Thursday, January 05, 2006


The desire to be first with good news is, I think, inherent in most people. Ordinary people now have tools in their pockets and purses that enable them to make a bid for "first" with greater speed and reach than ever in human history.

God rest the souls of the twelve who died in the Sago Mine in the last few days; God protect and restore to health the one man who survived; and please, God, be with the suffering families whose mistakenly raised hopes were so tragically dashed by the truth. And God, while you're at it, help us all to see this terrible event, illustrated by newspaper headlines declaring the twelve alive and by scenes of jubilation from inside the church where the families had gathered, as a morality play teaching us to be careful of the speed with which we can gather and disseminate information. Deliberation, where news of life and death are the subjects, should still be the rule.

I admit that I'm much more of a cryer now than I was before my kids were born. But is it possible not to be moved by the sight of those families hugging and laughing and praising God, joyous, grateful for an impossible miracle, juxtaposed with their bewilderment, anger, and heartbreak when they learned that the message "we found all twelve" had been commuted by optimistic inference to "we found all twelve alive"? I hope that when their first shock has passed, they'll be able to realize that no one at the mine could possibly have intended to lie to them; the mine officials, it's certain, wanted nothing so much as that impossible miracle. Who is guilty? The ones, whoever they were, who rushed to dial their cellphones. Who can blame them? Not I... though I hope I'll remember to take three deep breaths and ask myself some hard questions if I'm ever in a similar situation.

If the mine was, as I heard alleged on the news last night, a notably unsafe place to work, I hope the mine operators are prosecuted to the full extent of their culpability, and that safety will dramatically improve there as a result of these sad deaths. I do say "alleged" because the former head of Mine Health and Safety Academy, or Mine Safety and Health Academy, or whatever he was that wasn't MSHA, said that the mine had been cited some 200 times in the past year for safety violations - but did not say how many citations a mine considered to be "well-run" and "safe" would have had. (MSHA and OSHA reporting are notorious in my experience for their, ah, scrupulousness - for heaven's sake, don't pull on a hangnail at work, if you're an OSHA shop.) Mining is a dangerous business. Years ago, when my husband worked for a summer at a gold mine in Nevada, he had the dubious pleasure of an MSHA bulletin for reading material that, on a biweekly-or-so basis, featured the top three or four horrible deaths at mines, complete with line drawings. Less horrible injuries and deaths were reported but not illustrated. It was both gruesome and instructive.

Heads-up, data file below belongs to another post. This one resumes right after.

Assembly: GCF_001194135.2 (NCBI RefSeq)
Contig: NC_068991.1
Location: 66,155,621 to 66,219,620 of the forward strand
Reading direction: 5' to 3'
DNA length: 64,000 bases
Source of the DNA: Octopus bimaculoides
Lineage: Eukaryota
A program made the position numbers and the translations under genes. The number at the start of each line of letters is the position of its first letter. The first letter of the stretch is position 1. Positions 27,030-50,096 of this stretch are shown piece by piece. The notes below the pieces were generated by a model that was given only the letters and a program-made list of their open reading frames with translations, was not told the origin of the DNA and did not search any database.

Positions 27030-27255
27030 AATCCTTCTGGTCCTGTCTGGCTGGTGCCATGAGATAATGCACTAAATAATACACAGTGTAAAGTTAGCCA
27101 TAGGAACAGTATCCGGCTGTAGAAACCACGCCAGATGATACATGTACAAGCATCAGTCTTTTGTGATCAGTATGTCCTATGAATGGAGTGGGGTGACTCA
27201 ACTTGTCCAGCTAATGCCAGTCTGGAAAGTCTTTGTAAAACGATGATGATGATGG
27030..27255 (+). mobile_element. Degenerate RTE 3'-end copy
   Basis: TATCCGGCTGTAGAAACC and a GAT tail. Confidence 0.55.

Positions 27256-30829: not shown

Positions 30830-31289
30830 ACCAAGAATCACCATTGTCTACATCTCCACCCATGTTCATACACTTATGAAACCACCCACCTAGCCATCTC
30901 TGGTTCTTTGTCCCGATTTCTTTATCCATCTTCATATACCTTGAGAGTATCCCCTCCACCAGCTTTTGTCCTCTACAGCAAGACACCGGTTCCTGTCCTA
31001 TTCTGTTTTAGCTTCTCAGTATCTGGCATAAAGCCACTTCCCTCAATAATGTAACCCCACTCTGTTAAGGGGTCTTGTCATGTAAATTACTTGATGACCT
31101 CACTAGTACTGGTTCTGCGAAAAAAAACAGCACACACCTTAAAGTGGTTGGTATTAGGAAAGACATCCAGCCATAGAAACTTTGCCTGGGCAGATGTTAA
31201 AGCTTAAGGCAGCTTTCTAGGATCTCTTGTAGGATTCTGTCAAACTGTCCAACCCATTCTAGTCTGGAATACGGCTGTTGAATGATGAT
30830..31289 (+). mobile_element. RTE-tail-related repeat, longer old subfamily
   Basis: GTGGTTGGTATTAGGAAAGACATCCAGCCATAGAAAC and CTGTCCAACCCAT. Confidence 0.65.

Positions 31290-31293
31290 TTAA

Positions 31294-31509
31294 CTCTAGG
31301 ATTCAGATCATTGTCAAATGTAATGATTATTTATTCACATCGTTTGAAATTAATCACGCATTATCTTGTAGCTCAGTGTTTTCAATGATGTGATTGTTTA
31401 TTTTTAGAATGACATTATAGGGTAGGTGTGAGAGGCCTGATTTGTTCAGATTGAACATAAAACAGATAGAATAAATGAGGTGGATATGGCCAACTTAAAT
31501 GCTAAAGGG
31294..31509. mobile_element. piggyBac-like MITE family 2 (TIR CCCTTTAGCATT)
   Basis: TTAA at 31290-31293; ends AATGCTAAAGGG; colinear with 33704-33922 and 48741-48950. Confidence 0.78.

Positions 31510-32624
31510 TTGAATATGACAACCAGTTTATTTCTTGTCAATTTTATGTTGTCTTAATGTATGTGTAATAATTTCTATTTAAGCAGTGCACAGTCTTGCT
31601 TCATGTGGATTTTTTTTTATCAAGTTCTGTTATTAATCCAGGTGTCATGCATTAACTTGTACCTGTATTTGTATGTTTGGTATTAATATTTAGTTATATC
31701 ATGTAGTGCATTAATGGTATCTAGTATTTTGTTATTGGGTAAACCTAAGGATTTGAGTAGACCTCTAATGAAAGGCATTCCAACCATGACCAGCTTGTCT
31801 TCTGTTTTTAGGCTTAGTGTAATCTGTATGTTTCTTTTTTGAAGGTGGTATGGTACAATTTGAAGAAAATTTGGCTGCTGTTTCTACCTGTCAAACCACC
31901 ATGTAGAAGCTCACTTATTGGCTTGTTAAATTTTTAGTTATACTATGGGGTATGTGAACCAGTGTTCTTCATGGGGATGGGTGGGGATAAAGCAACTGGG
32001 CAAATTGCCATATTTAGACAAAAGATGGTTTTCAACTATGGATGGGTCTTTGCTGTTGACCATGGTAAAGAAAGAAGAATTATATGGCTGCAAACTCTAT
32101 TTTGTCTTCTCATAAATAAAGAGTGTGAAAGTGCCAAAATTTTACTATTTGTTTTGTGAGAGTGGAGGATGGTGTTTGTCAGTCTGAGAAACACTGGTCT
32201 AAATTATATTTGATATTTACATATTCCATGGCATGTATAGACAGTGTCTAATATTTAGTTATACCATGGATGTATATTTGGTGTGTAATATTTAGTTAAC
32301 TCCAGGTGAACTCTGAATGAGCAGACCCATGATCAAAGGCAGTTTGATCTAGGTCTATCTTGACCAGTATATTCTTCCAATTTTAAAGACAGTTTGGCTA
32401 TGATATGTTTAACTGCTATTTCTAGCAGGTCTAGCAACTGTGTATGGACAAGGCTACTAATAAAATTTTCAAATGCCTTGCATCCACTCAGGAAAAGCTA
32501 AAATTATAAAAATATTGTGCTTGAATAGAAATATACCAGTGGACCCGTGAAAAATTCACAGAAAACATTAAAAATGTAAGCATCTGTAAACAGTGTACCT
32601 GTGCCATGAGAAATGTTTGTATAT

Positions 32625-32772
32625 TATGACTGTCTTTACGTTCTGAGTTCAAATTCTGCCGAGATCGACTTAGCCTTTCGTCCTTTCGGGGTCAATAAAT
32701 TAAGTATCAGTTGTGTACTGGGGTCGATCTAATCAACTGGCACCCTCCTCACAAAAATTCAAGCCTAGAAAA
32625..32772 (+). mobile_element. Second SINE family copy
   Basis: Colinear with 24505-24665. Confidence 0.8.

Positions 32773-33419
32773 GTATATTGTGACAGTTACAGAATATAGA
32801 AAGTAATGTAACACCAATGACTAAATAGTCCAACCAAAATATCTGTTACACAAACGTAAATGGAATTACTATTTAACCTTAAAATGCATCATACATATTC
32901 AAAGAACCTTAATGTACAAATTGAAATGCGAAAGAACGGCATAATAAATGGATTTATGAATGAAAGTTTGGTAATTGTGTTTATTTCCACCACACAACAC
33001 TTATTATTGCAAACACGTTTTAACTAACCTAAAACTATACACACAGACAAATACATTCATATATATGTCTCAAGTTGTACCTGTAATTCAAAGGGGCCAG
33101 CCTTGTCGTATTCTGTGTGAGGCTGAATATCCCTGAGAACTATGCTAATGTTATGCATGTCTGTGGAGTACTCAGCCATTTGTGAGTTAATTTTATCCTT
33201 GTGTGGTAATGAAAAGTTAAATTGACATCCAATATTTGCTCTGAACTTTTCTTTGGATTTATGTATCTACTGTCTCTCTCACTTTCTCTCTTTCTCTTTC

Later, when we both worked in the environmental industry, we received annual training on confined space entry, most of which consisted of "Don't do it! For God's sake, stay AWAY from that hole in the ground! If your buddy goes down into the hole in the ground, DO NOT go after him - you may DIE!" An underground mine is the ultimate confined space entry: every time a person goes into that hole in the ground, he or she runs risks of bad air, cave-in, power failure, fire (in many types of mines) that, if it is not immediately deadly, consumes available oxygen... Yet coal still accounts for about half of America's electricity production, and underground mining is still a viable and in many cases preferable option in, especially, the eastern states. These men were working at good and beneficial jobs in an industry much more dangerous than sitting in an office. If the explosion that ultimately caused their deaths could have been prevented by reasonable and prudent means, I want that fact known and those responsible punished. But I think the accident's cause and preventability are far from clear at this point.

I can't end on that note. I'll end as I did some entries back: May the souls of the faithful departed rest in peace. Amen.

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